# What is the molar form of the ideal gas law?

##### 1 Answer

The molar mass form of the ideal gas equation can be written as

where

P is the pressure the gas exerts on the walls of the container that confines it.

V is the volume of that container.

R is the ideal gas constant, 8.314 Joules per mole-Kelvin.

T is the temperature of the gas.

m is the mass of the gas.

M is the mass of the gas per mole.

The molar mass form of the ideal gas equation can be derived by substituting n (the amount of gas inside the container measured in moles) into the more common form of the ideal gas equation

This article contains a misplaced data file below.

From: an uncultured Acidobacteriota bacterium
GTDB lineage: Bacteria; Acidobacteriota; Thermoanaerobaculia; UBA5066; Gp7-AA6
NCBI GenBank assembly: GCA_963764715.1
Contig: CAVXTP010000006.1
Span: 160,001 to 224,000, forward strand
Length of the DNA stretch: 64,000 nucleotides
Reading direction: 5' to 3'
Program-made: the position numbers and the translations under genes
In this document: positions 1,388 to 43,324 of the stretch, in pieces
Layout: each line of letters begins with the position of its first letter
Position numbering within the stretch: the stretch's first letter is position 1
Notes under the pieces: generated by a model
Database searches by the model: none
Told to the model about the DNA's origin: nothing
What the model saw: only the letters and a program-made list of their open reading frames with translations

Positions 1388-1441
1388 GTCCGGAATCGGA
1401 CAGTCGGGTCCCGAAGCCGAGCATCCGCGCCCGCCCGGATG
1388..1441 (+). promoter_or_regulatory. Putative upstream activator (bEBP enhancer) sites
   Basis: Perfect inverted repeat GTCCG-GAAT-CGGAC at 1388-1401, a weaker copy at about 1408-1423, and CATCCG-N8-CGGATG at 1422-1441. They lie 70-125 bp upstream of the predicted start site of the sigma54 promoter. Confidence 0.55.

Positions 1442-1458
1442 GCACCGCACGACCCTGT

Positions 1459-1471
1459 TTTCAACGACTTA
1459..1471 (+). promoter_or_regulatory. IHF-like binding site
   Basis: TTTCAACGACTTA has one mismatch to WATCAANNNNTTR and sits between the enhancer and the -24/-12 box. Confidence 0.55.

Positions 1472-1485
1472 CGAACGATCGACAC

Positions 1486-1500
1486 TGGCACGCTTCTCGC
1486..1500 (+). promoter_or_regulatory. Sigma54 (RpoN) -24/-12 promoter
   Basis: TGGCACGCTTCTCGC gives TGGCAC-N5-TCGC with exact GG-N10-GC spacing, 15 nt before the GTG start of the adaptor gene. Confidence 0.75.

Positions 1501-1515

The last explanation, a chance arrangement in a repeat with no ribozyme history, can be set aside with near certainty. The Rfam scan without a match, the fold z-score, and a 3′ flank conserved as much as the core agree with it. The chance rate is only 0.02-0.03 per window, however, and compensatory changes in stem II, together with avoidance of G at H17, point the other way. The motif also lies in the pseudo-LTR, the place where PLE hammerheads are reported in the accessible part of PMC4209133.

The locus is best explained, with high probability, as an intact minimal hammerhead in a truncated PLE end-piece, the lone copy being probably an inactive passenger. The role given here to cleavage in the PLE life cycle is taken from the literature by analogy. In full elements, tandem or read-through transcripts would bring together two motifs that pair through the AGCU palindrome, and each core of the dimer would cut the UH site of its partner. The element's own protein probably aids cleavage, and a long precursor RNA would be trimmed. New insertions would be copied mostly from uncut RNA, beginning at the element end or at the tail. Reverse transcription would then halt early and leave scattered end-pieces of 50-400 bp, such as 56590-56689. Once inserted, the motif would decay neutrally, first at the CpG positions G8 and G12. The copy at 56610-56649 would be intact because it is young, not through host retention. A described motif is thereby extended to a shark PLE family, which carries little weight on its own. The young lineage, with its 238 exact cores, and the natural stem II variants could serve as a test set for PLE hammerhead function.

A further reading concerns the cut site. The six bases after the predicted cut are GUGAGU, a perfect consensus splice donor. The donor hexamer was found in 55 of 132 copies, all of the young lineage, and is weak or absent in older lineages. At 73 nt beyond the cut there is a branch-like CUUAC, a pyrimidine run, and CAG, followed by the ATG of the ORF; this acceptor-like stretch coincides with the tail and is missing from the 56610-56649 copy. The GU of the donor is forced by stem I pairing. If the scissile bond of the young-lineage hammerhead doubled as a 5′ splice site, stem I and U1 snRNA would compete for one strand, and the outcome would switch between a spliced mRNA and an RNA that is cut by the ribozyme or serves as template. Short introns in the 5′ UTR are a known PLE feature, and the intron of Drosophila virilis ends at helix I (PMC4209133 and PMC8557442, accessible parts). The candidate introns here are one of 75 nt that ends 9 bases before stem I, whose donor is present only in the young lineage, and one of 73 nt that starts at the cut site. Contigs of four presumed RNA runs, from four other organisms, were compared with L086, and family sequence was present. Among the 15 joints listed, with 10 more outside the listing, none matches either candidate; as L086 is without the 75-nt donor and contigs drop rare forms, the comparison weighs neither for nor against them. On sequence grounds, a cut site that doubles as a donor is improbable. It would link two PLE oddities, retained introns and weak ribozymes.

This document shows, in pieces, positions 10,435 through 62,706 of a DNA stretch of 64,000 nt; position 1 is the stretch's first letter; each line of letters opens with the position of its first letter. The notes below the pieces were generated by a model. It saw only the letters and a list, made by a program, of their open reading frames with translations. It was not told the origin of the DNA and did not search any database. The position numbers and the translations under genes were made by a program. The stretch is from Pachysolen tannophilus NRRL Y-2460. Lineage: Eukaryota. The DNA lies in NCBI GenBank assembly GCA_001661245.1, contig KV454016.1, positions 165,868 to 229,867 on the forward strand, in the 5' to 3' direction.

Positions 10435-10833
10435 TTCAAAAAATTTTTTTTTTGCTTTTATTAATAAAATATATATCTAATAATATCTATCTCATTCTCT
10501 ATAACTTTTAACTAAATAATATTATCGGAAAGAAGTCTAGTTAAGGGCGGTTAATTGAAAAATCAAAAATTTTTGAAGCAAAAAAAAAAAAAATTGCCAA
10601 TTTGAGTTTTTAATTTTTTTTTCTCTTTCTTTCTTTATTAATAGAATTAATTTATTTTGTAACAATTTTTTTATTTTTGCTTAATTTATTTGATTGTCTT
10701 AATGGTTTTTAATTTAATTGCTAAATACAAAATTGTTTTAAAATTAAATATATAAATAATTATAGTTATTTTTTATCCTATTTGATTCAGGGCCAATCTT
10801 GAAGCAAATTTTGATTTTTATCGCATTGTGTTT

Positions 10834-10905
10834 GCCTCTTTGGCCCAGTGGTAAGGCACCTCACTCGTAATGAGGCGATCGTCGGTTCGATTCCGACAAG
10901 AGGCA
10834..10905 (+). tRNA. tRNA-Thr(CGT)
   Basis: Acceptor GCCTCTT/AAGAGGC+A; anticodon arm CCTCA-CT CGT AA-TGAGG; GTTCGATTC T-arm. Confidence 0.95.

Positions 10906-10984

where n = m/M. All other variables are the same as described above.

Divide both sides of the molar mass form of the ideal gas equation PV = (m/M) RT by V and we obtain

or

which is the other way to write the molar mass form of the ideal gas equation (as mentioned above), where ρ is the density of the gas, ρ = m/V. The symbol ρ might look like the letter "p" (as in Paul), but it is not. ρ is actually a greek letter pronounced "rho".